will be practically driving an air com- ; ...
pressor saving the brakes and cooling
off the motor. Near the bottom of The nuts on the binling post should !
the hill turn on the switch Tn-most be screwed down tiriltlv. A loose con- . -ultc JIC" . " "lV" """"'
cases it wil be unnecessary to touch I nection will become -oxidized and pre- ) Sawflhr TT c 7nrt ff The l
the brakes. j vent electrlclttr from flowing A TaUonl teniT It" Win on j
hent .. .'. .... ! iSCeC2 ft" " 5Si" 6. seven passengar car and is similar !
;.; .; .. r .v ' . ...1 " " S - ' ;;...'.'... ..'... " ;..:' H.". ! deslprn and color to- the WInton
places regardless of the high water this
spring but north of mat In Dona Ana
county apparently no effort has been
mads to put the road in condition since
the heavy spring rains and high water
which flooded the roads in many places.
Just north of Anthony for a consider-
able distance is a rough piece of roc.0
rather heayv in sand then between
Vado and Mesquite the road Is vcry
bad for several miles: it being neces
sary at one point to detour through
the brush. Near old Fort Fillmore this j
rand and rough road also. I
Three new Winton automobiles have !
ARE SOLVED HERE
By PHILIP GIBSOX -
(City Salesman Buick Auto Co.)
Let us answer your queries and discuss your comments. Tell us of your
experiences for the benefit of the other fellow. Correspondence invited for
publication every Saturday. If received Friday or later correspondence Is
answered following week.
"alve to stick thus causing a distinc
tive hissing sound and causing the en-
gine either to lose power .without
other unmistakable symptoms" or els;
to back fire according to whether it
Is the inset or exhause valve that is
afccted. In brand new engines which
have not been properly run in the
same difficulty sometimes is exper-
Every car owner should study lubri-
the cause of an engine refusing to run.
HUM ORDERS MOTOR
VEHICLES FOR ITS AR3IY
The Italian war department has just
ordered another hundred motor trucks.
It is uncertain whether or not these
owned by J. G. McNary except that
j Mr. Stewart's car Is a regular pattern
j while Mr. McNary's is a special. Mrs.
a. jsi.. 1iomis purcnasea tne sccona new
Winton 6 and the third will be put on
the public auto stand.
trucks are intended for use in Tripoli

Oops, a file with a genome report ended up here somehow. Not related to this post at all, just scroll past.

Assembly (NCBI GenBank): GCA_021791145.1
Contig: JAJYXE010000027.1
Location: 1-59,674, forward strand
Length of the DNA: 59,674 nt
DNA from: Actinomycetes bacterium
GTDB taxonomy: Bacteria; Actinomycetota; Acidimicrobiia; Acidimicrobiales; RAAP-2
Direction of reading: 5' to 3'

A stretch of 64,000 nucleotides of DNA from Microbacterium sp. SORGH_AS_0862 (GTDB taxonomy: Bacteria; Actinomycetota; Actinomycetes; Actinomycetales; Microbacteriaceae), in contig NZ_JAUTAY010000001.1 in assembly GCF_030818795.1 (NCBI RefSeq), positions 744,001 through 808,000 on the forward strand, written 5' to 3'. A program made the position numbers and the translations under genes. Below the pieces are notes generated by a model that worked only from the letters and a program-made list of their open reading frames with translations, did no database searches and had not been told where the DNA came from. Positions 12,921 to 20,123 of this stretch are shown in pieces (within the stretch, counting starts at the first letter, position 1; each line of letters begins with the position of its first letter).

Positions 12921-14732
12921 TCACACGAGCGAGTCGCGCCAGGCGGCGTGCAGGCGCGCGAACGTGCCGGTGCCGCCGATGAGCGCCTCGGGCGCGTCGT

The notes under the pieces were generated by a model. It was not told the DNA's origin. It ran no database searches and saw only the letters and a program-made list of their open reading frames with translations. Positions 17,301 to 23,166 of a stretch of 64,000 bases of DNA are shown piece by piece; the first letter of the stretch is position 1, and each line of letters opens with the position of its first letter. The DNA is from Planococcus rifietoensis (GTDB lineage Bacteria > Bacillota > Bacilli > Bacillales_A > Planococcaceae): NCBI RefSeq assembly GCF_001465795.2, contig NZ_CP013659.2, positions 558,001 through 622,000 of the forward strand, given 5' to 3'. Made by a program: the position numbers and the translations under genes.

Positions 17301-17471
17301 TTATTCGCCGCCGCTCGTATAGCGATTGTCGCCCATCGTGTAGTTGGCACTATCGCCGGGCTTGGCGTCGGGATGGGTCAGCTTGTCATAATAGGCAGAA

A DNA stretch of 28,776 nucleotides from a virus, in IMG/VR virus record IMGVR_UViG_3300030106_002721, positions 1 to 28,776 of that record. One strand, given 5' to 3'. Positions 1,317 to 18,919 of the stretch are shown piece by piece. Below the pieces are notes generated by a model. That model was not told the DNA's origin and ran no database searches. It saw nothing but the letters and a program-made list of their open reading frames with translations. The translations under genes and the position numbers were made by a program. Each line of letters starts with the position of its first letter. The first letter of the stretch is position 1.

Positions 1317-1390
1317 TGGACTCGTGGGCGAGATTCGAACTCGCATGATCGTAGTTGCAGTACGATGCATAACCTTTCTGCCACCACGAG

Earlier in the year the Italian govern-'
ment sent to Tripoli a large "fleet of
motor vehicles -which were used most
ration and determine howjmuch oil his provisions and ammunition. The last
a.. s"n " uj uiue 11 is run. i oi tne newiy oraerea trucKs is to De
then to see to It that neither too much
nor too little lubricant is used.
Do not neglect to clean the dust nan
under the engine. It Is very likely to '
delivered by Oct. 15.
J. W. Stockard of the Buick agency
will return Saturday from Roswell. X.
M. where he has been for the last I
Treelr TTe mntorerl tr "RncsTrrell in 1 0AR
the transportation of J model Buick going there ny the Bor-
derland route but will return by way j
of Carrizozo. He left El Paso at S
oclock Sunday morning and at noon j
Monday arrived In Roswell without any i
it!i1.nta nr Hftlavo olnnf. thd rrto
Ask your grocer for
Tou can taste the difference.
Motoring Department The Herald:
I am a fanatic on automobiles own
one and love to drive but it seems
that my tires wear cut quicker than
they should and consequently my ma-
chine is becoming a burden. Can you
offer some hints is to how the expense
can be lessened?
F. G. Savage.
Since the tire question is the all-absorbing
topic of conversation among
motorists in general and one of vital
Interest to any driver I quote below a
few hints given out by one of the lead-
ing tire manufacturers which should
be pasted in some conspicuous place in
the garage as a gentle reminder and
"Keep tires fully inflated. Use tires
of ample size. Keep tires in repair.
See that air does not escape from the
valve stem of the tube or elsewhere.
Keep tires away from heat oils and
grease. Jack up the car and partially
deflate the tires if the machine is to
be laid up for any considerable time.
If the tires are removed keep them in
use. Have tires retreaded when the
first ply of fabric is exposed even to
a small extent. Buy used second hand
or repaired tires or tires that aro old
with the greatest care if buy them
you must. Have a proper place for
carrying tire inner tubes. Since rear
tires wear more raDidly fronts and
rears can sometimes be changed about
to good advantage. Also if one side
of a tire is much worn it may De well
to turn it face about."
Motoring Department The Herald:
Whnt L'lnd nf o hnm Tr-nitiil frill Tee-
ommend for an automobile an electric ' wheel slightly above
unison of movement upon the part of
the driver and the car and in the case
of swiftly taking sharp corners tend-
ed to cause the occupant of the driver's
seat to lose his balance and conse-
quently his firm hold upon the tiller
and control over the car. In the case
of the steering wheel the body of the
driver is naturally leaned In the direc-
tion in which the wheel is turned and
j as the direction of movement of the
j car corresponds with that of the steer-
in -wheel the eentrifmal -force nctino-
upon the body tends to ever sway It in
equilibrium which Is as it should be.
When an experienced driver seats
himself at the wheel he invariably
grasps It in both hands one at either
side and in such a position as toj ad-
mit of easy access to the motor con-
trol levers and also one which will
permit of a full turn in either direction
without removing the hands from the
wheel a position which is at once